After the Senate passed the $1.9 trillion “American Rescue Plan,” President Joe Biden came out to take a bow. This measure came “not a moment too soon,” he said. “For over a year, the American people were told they were on their own.”
This is the kind of thing presidents say when partisanship defines reality.
One of the hallmarks of hyperpartisanship is to live entirely in the moment. The nearest weapon to hand is fair game. Precedents only matter as a way to show that the other side is hypocritical for violating them. The past itself is a foreign country with no binding power over the “fierce urgency of now,” as Barack Obama liked to say, borrowing from Martin Luther King Jr.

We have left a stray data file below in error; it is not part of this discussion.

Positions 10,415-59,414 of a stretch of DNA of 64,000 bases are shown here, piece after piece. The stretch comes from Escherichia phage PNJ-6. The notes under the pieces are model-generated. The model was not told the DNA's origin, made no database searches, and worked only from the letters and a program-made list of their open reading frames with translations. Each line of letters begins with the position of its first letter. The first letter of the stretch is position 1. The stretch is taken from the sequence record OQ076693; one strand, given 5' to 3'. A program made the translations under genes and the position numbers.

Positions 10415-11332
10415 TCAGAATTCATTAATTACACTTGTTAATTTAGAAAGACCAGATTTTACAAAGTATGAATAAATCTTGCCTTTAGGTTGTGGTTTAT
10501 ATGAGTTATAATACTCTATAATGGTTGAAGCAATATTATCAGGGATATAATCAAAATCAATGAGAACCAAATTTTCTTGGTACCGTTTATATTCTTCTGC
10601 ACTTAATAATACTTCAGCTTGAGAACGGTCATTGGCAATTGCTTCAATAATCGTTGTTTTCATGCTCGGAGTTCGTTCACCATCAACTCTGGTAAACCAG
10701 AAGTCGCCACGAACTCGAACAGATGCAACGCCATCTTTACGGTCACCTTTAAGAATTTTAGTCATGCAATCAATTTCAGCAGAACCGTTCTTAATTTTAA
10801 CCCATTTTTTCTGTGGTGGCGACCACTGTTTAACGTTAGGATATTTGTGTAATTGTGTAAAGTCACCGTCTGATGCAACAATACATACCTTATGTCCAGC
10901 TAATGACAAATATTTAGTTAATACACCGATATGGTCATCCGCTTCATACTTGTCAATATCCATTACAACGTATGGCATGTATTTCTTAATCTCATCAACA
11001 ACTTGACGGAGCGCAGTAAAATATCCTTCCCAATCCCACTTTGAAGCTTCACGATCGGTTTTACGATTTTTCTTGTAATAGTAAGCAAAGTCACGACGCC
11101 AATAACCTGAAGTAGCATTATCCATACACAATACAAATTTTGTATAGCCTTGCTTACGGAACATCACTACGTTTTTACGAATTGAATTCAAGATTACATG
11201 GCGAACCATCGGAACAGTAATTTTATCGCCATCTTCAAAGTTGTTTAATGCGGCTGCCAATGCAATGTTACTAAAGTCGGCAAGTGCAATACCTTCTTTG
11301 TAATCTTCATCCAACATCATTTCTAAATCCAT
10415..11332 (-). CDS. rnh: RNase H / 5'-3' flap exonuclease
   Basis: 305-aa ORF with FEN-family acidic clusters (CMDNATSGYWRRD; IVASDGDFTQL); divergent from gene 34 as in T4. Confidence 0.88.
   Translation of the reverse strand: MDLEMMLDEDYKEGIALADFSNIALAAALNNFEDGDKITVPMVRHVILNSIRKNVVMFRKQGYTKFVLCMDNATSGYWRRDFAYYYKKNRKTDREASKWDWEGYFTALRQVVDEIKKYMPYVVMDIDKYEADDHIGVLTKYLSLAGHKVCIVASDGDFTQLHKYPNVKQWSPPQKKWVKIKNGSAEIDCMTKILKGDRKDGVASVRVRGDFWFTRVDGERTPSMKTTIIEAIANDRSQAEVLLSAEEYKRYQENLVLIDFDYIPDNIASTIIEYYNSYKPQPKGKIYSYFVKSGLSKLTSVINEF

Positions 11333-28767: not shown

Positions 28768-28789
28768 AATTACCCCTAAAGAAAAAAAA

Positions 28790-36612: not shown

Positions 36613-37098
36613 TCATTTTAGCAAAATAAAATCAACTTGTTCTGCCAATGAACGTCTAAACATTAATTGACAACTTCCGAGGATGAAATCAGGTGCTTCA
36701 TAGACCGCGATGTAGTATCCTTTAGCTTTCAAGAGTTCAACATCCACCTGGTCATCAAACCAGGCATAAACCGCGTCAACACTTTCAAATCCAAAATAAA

Because Donald Trump lived in the moment, with no historical memory and no foresight beyond the lifespan of a tweet, his administration was a constant demonstration of this dynamic. For example, he frequently insisted that the military had been run into the ground under his predecessor—“We had no ammunition!”—and that he completely rebuilt it. Neither were true.